Celebrating the History of Black Communities and their Fight for Justice in NC

Clean Water for North Carolina celebrates the achievements and efforts of communities that continue the fight for justice, equality, and healthy, safe environments to call home. In North Carolina, Black communities have a long history of resilience and activism. The following descriptions, while not comprehensive, offer a brief look into this history and the people, places, and groups that have made a difference.

Princeville, NC was incorporated in 1885 and stands as the oldest town incorporated by Black Americans in the United States, though its place as a community predates that. It was originally known as Freedom Hill and became home to many recently freed Black Americans who struggled in the early stages of segregation and Jim Crow to find a place to live without facing violence in 1865. Sitting on the Tar River south of Tarboro, the land the community had been restricted to was swampy, and residents faced major flooding since its founding. Hurricane Floyd in 1999 and Hurricane Matthew in 2016 hit the community hard, and with the support of many organizations and departments, the Princeville Task Force was created to rebuild the town to be more resistant to flooding while continuing to honor its history.

Source: https://www.wunc.org/post/obstacles-and-support-continue-princeville-rebuilds

On February 1st, 1960 in Greensboro, NC, a group of young, Black students organized a sit-in at a segregated Woolsworth lunch counter after being refused service. Ezell Blair Jr., David Richmond, Franklin McCain and Joseph McNeil were all students from North Carolina A&T spurred to action by the brutal murder of Emmett Till for supposedly whistling at a white woman. Their sit-in sparked similar nationwide protests, and while many were arrested, the coverage brought increasing attention to the civil rights movement. In response, the Student Nonviolent Coordinating Committee was founded in Raleigh, NC in April 1960, which served as one of the leading forces in the civil rights movement, organizing Freedom Rides, Black voter registration drives and alongside the NAACP pressing for passage of the Civil Rights Act of 1964.

Source: https://snccdigital.org/events/sit-ins-greensboro/

In September 1982, Warren County, NC became the stage for protests that would later help define the Environmental Justice movement. The protests were in response to a decision by the state to create a landfill in Afton, a predominantly Black and low-income community in Warren County, for disposing toxic PCB-contaminated soil from illegal dumping along NC roadways. Organized locally and by the National Association for the Advancement of Colored People, these acts of civil disobedience and free speech led to the arrests of over 500 people. While the demonstrations did not halt the landfill’s construction, they did catalyze several studies that examined the relationship between racial and environmental injustice, including the well-known Toxic Wastes and Race report by the United Church of Christ.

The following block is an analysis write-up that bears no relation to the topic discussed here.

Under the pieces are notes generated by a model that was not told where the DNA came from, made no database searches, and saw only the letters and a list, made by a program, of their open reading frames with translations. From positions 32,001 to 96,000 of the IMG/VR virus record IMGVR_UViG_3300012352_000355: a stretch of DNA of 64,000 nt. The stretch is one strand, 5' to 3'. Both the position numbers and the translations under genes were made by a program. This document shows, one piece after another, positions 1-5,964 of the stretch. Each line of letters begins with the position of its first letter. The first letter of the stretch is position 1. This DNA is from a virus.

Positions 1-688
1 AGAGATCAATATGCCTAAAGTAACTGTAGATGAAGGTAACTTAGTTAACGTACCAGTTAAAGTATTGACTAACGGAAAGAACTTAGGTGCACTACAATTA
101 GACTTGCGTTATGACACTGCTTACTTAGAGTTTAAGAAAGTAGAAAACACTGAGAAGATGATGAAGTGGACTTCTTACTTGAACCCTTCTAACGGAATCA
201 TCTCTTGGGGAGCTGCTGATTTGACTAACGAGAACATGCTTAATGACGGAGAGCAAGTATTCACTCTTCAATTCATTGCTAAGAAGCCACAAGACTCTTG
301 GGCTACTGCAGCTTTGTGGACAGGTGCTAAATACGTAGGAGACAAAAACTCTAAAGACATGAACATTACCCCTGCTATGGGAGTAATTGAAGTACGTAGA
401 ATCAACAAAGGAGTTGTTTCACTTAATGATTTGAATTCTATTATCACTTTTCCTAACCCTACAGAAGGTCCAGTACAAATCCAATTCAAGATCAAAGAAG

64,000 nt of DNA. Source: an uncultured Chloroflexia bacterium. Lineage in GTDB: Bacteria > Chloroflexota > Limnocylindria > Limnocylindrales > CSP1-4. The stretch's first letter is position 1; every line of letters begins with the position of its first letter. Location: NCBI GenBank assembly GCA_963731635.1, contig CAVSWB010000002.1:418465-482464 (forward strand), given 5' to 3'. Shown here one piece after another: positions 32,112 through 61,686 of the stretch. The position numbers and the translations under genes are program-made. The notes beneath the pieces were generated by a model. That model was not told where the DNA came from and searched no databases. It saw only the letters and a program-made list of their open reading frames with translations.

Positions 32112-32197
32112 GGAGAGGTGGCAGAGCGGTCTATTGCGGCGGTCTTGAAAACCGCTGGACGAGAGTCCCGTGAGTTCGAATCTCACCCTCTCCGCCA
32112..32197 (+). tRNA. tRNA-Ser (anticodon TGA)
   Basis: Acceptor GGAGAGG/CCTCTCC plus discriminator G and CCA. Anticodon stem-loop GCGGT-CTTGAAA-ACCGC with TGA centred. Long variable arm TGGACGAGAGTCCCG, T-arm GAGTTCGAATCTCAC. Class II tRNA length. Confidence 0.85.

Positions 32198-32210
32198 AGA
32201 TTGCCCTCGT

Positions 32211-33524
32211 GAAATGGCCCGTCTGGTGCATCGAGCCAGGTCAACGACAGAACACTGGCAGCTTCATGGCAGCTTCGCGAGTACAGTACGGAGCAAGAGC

Source: https://www.ncfolk.org/2017/inside-nc-birthplace-of-environmental-justice/

In more recent years, up until July 2020, Northampton County was set to be home to a compressor station for the massive Atlantic Coast Pipeline—a now defunct fracked gas project of Duke and Dominion Energy. CWFNC was one of a dozen EJ organizations that filed a Title VI Civil Rights case against our NC Dept. of Environmental Quality for permitting the pipeline. CWFNC’s own Northeastern Organizer Belinda Joyner helped fight against the ACP’s intrusion in her home county. When asked about the communities in the county and her experiences with this struggle, Belinda explained, “Northampton County is a Tier 1 county, meaning that we are low-income. Being that we are a Tier 1, I feel that we are used as a dumping ground. Being about 58% African American, we are looked on as not being important.” She also pointed out that “[o]rganizing here in the county was not as I wanted it to be, because a lot of people looked at it [the ACP] as a done deal,” going on to explain how “[a] lot citizens from Halifax, Nash and other counties came together with a lot of help.” Ultimately, she felt “when the 3 states that would be affected by the ACP start[ed] working together, that was the turning point in defeating the ACP.”

Source: Belinda Joyner

Today, Hamlet, NC and nearby Dobbins Heights are predominantly Black communities in Richmond County currently facing a struggle against International Tie Disposal (ITD), a company that plans to build a biochar manufacturing facility. The facility would take in and burn creosote-treated railroad ties to create biochar through a process known as pyrolysis. Creosote is a known human carcinogen. Hamlet is already overburdened by massive polluting facilities, including a huge Enviva wood pellet mill, plastics manufacturers, steel fabricators and industrial animal operations, and Richmond County ranks 95th in health factors and 93rd in health outcomes when compared to other NC counties.

Source: Dogwood Alliance

North Carolinians have an opportunity to support each other NOW by speaking up for Hamlet and surrounding communities on Monday, March 1st at 6pm during the Dept. of Air Quality’s virtual public hearing on the proposed ITD air permit.

No community should be treated as a sacrifice zone. For information on how to join the hearing and register to comment, click here: https://deq.nc.gov/news/events/public-hearing-international-tie-disposal-llc-project-tie, or email christine@cwfnc.org for more information.

(Featured image source: https://www.britannica.com/event/Greensboro-sit-in)

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